Thursday, July 1, 2010

2010 Horribly Hilly Hundreds: Preracin'

From July before the ride until the actual ride itself in June the following year, there really isn't a day that goes by that I don't have at least a fleeting thought of the Horribly Hilly Hundreds. It's even worse during that time whenever I'm on a bike. My entire biking career now is centered around this ride. All the centuries and 50 milers and even the time trial workouts are tune ups for the ride. I experiment with different cadences, work on techniques out of the saddle, position in the saddle while climbing, food combinations, water/energy drink ratio, when to go hard, when to back off. You get the idea. Once you do the ride, and if it's something that connects with you, you can never let it go. It's all consuming.

This was my 4th attempt at this ride. The previous 3 years all resulted in failure. Year 1 I pulled myself from the course due to heat exhaustion. Year 2 I failed to train properly and opted for the short course. Year 3 I foolishly tried to keep pace with Ian and that plus the stifling heat caused me to bail on the last stage and shortcut to the final climb. With that in mind, I was unable to completely shut off the doubts in my mind. But that didn't dampen the enthusiasm for the ride in the least.

The week before the ride is my taper week. Basically I go out on low intensity 30 minute rides just to keep the legs spinning and loose. These are not stressful in the least bit and they serve as a way to let your mind start playing all kinds of tricks on you. "Was that a twinge I felt in my quad?", "What's that noise, was that my bike?", "Son of a bitch that chick on that bike is TOTALLY kicking my ass!", "I'm screwed for this ride". I also added up all the training miles that I had for this ride and came up with a number right around 650 miles. Ian then informed me he had double that mileage. Taper week sucks in that you have too much time to think about you and your bike and you psych yourself out.

I also keep a weather vigil up the entire month before. probably flags my domain name in it's registry since I'm there so often. Ian and I emailed/texted back and forth for about 3 weeks before the ride. And mother nature was less than cooperative. One day it would predict 85 and sunny, the next 79 with partly cloudy, then rain, then back to high heat, then humidity, then no humidity, than hail, meteor showers, snow, back up to 107, etc...It finally settled at around 80 degrees with a very tolerable 56% humidity level. I remember thinking that this year, finally, may yield desirable riding conditions. "Could it be this year we will actually be able to breathe on the course and not be beaten down by the sun?" I asked Ian. "Perhaps", he replied, "but look at the wind prediction."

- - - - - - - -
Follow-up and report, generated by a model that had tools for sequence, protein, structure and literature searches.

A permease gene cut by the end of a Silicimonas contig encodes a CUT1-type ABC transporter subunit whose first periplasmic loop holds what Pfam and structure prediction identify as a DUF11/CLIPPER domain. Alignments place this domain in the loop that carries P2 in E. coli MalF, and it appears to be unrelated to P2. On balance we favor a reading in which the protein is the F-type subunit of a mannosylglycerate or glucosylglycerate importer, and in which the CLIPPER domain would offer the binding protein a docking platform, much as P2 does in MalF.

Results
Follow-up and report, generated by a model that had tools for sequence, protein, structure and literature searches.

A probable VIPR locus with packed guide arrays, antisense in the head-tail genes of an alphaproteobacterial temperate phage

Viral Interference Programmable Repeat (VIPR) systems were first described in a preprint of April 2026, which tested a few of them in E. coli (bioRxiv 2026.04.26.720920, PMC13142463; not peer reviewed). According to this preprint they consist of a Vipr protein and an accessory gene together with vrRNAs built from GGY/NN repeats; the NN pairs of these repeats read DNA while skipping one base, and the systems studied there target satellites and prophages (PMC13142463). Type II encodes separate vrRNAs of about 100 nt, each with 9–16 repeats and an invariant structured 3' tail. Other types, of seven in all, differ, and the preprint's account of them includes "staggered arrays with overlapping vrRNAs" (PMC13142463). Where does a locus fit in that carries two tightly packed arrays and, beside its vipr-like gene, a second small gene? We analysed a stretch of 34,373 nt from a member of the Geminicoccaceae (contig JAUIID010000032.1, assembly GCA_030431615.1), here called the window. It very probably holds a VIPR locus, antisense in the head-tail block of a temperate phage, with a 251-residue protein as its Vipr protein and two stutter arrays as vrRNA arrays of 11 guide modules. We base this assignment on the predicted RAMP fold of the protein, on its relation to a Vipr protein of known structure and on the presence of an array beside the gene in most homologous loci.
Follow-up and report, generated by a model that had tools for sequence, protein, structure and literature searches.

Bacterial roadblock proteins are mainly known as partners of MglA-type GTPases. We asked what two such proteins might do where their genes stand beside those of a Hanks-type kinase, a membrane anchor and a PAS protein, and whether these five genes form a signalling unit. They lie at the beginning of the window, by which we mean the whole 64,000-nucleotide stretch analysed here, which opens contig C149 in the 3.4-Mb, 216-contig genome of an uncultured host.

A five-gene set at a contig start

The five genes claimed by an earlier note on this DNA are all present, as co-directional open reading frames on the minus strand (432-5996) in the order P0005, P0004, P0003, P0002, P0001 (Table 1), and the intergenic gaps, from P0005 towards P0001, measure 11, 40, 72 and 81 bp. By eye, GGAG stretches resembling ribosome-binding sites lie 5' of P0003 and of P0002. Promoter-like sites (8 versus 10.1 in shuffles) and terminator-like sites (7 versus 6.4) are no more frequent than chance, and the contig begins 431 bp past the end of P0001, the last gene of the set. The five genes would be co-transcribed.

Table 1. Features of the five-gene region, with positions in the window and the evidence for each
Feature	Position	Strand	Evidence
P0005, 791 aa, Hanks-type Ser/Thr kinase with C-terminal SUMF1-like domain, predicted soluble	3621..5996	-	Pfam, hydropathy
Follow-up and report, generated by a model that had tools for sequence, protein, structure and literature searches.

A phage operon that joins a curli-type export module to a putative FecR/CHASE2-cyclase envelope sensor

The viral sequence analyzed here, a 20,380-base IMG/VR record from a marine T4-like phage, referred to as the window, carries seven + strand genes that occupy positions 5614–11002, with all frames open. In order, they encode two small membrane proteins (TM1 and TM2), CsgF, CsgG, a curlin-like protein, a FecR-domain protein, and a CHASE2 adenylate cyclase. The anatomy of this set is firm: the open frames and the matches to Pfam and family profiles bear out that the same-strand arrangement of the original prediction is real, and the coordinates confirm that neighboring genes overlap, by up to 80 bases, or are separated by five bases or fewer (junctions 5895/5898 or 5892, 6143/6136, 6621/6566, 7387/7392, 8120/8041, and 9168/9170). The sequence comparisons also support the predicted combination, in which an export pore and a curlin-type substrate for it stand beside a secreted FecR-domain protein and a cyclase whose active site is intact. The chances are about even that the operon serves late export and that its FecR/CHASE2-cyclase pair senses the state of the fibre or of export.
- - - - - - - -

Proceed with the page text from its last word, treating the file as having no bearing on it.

16-18mph N-NW winds. Remember that, it will play a factor later in the story.

The fateful Friday finally came. This day rocks. I've taken it off every year so there is no rush to get going. I'm in an awesome mood because it's race weekend. Ian and Jen pull up to the driveway with Kaitlin loaded in the car, Ian and I crack jokes how the other one looks fat and how the other guy is saving his legs so he needs to be carried to his car and what not. The atmosphere is one of excitement and anticipation. Even Jen smiled this year when she noticed that Ian and I had our matching shirts from last year on. The ride looms on the horizon and all we have to do today is drive the 4.5 hours out to Verona WI where we are staying.

Upon making it to the hotel, we drop the wives and kids off and go pick up packets. This year Specialized had a demo going on so we got to see the bike that both of us want. It weighs about as much as both of my water bottles filled. I comment how this would make the ride that much easier. Anyhow, packet pickup also serves as a way to size up the competition. This ride is different than the other ones I do. This being a challenge ride means that most of the riders have a few miles under their belts, and looking around I always feel like a fraud among these people. They have uber nice bikes and deep bronze tan lines. But it also adds to the excitement because I feel that I'm also running with the big dogs and we're all members of some special club.

Once back at the hotel, we decide to go and load up on the calories for tomorrow's event. I make the wise and sensible choice to go with a bacon cheeseburger. I wolf it down, make the comment that I managed to beat Ian at one thing this weekend, and even ate a few slices of Dav's pizza. Apparently nerves aren't affecting my eating yet. Don't worry, that shows up later. Once dinner is done we walk back to the hotel and the two families go their separate ways for a night of good sleep and prepare for early rising. We get Dav put to sleep, I set the alarm for 4am, and try to will myself to sleep. Will this be the year I finally make it? Did I ride enough? Did I train smart enough? Am I gonna go out too fast?

As the cliche goes, time will tell, and although it felt like forever before I fell asleep, 4am Saturday morning came awfully fast.

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